It's only natural Burdette would have wanted the tale of the Schuyler Vindicator's embarrassing correction to appear in his own paper first. My guess is he was the first to tell it in print & that everyone else either bought it as syndicated copy or simply stole it from the BDE.
So, what have we learned? Wellman seems to have been a Nebraska man who died around 1881, only to find himself traduced by his local newspaper, the Schuyler Vindicator. Four years later, Burdette seized on that paper's recent mortifying correction & ended up making it world news
The really remarkable thing is that the story's been in more or less constant circulation ever since - 140 years & counting. The correction's quoted with surprising accuracy every time the story's told, which is a measure of how firmly it's now embedded in journalistic folklore.
Here's just one example from a July 2022 blog post. (The Geoffrey Madan book he sources here was published in 1985.)…
Finally, can anyone explain Burne-Jones' President Garfield anecdote to me? Why a melon patch?Why a bull-dog? What's he on about?
I've not been daft enough to limit any of my searches so far to Nebraska alone. As the only state I've found with Schuyler-titled papers though, it's looked the most likely prospect. But there are two other states we should consider: New York and Kansas
This February 17, 1886 item from Britain's Staffordshire Sentinel clearly attributes the Wellman correction to "a New York paper". Or is it referring only to the paper it pinched Burdette's paragraph from? It could be either, but ... Image
... New York State does have a Schuyler county, so lets look at that possibility a bit closer. The NYC Public Library has no mention of a Schuyler Vindicator in its searchable database, but does include a paper called the Schuyler County Courier. Unfortunately ...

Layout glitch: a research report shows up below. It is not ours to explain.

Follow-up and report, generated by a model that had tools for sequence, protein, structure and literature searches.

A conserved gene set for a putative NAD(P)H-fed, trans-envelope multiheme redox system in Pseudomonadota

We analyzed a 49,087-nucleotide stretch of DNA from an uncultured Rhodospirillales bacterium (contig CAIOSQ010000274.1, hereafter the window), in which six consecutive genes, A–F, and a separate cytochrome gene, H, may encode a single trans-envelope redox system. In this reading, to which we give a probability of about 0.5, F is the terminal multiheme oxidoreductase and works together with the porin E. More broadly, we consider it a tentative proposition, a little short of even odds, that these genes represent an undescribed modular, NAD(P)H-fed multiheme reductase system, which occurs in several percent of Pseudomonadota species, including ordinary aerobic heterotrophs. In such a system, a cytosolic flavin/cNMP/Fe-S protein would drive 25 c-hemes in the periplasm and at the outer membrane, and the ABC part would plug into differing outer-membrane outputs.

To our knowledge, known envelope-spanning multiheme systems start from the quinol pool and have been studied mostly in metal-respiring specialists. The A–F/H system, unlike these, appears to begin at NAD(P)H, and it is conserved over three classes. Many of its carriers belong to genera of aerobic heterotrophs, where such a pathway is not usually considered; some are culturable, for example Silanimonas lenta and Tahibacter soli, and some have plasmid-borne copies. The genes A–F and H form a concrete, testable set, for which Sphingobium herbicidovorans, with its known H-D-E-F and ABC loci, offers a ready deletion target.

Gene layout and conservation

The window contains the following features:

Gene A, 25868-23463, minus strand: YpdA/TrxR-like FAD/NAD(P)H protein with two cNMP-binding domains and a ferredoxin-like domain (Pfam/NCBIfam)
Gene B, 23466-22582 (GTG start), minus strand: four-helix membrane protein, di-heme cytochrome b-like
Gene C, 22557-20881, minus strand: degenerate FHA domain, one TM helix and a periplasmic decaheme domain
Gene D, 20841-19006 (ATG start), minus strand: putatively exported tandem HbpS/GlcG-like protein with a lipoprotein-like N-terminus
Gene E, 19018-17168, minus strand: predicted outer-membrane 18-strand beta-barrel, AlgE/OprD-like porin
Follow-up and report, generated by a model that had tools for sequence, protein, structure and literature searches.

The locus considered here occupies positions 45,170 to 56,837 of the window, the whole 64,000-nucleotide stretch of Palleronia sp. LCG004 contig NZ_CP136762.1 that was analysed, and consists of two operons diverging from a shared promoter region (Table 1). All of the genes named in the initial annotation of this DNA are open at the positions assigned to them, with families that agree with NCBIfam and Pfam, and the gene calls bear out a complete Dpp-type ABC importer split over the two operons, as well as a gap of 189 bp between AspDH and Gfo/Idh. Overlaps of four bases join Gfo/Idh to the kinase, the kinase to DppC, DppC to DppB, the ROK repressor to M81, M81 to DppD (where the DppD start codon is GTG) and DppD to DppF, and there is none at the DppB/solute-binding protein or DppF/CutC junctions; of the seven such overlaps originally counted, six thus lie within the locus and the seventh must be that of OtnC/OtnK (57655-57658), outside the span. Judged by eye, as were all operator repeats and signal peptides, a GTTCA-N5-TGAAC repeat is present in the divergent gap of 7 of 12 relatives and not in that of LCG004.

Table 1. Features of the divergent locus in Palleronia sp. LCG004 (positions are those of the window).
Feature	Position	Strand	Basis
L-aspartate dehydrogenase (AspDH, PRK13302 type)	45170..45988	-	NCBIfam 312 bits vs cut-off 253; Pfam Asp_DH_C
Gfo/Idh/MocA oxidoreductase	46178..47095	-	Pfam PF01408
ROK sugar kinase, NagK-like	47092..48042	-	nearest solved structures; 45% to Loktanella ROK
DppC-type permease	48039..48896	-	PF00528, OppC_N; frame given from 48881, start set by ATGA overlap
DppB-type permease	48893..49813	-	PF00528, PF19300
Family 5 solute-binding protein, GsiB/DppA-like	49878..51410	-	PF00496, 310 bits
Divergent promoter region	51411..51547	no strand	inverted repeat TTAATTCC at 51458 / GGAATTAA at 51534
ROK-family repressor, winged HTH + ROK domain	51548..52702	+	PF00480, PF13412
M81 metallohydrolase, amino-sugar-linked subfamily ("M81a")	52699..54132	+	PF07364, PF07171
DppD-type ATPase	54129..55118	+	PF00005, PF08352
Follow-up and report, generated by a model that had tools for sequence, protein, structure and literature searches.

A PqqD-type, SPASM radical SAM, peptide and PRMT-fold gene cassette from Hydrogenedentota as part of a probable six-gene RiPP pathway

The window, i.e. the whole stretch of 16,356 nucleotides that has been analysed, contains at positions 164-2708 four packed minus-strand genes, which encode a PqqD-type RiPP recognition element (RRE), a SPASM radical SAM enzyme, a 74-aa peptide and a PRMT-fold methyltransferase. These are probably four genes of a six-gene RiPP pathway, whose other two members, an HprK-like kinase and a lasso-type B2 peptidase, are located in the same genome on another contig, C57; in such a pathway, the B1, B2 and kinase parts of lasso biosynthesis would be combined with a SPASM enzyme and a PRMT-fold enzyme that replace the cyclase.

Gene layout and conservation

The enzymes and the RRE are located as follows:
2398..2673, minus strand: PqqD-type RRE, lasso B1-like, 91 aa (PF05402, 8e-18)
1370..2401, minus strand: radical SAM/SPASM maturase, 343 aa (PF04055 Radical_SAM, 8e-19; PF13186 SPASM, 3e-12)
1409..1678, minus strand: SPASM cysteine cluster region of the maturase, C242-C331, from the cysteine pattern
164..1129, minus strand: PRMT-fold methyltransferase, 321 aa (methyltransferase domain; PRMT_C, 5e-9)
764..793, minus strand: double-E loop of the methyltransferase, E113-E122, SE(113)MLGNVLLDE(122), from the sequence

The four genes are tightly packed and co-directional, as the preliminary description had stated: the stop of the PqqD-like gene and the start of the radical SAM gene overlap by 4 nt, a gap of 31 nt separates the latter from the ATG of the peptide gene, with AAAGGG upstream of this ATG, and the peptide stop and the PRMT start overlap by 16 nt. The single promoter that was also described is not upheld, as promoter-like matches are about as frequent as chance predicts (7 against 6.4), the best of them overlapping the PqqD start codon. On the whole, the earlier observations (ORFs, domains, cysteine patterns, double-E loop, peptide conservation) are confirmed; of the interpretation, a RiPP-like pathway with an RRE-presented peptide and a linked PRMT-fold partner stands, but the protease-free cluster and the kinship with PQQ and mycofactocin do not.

...its only copies of that title are all 20th century ones. I've searched these, but found no mention of anyone who could be our Reverend Wellman. My next stop was and its friends at ...
That's where I found these cemetery records for a man called James KP Wellman, who was buried in NY State in 1879. That's a bit early for the 1881 death date Burdette's piece implies, but not outrageously so. Trouble is ... Image
... the same bloke's census records show he had a wife. Our guy "died unmarried" as we know, so that eliminates KP as a candidate.

I've seen one recycling of Burdette's par which attributes it to a Kansas paper, so let's have a think about that instead.
Searching for titles with Vindicator in their name, I did find quite a lot in Kansas. Maybe there was a state-wide group if papers there, all prefacing the Vindicator title with whichever community they happened to serve? ImageImage
Set against this, there's the fact that Kansas doesn't seem to have a place called Schuyler. The politician Philip Church Schuyler (1805-1872) had strong links with the state and founded the town of Burlingame there - but that's the best I can do. Image
I found a few other James Wellmans & James P Wellman's in 19th century US records (none in Kansas), but only two who died unmarried. Unfortunately, one of these was only three years old when he met his maker, and the other just 17. You'd be hard-pressed ... ImageImage
... to qualify as a reverend by either of those ages, so I think we can rule these two out as well.

One final footnote, then I really must stop ...
Speaking to a group of US newspaper editors in April 1988, President Reagan recited the Wellman correction. His phrasing, transcribed in that week's Compilation of Presidential Documents, suggests he had no idea which paper it came from either: Image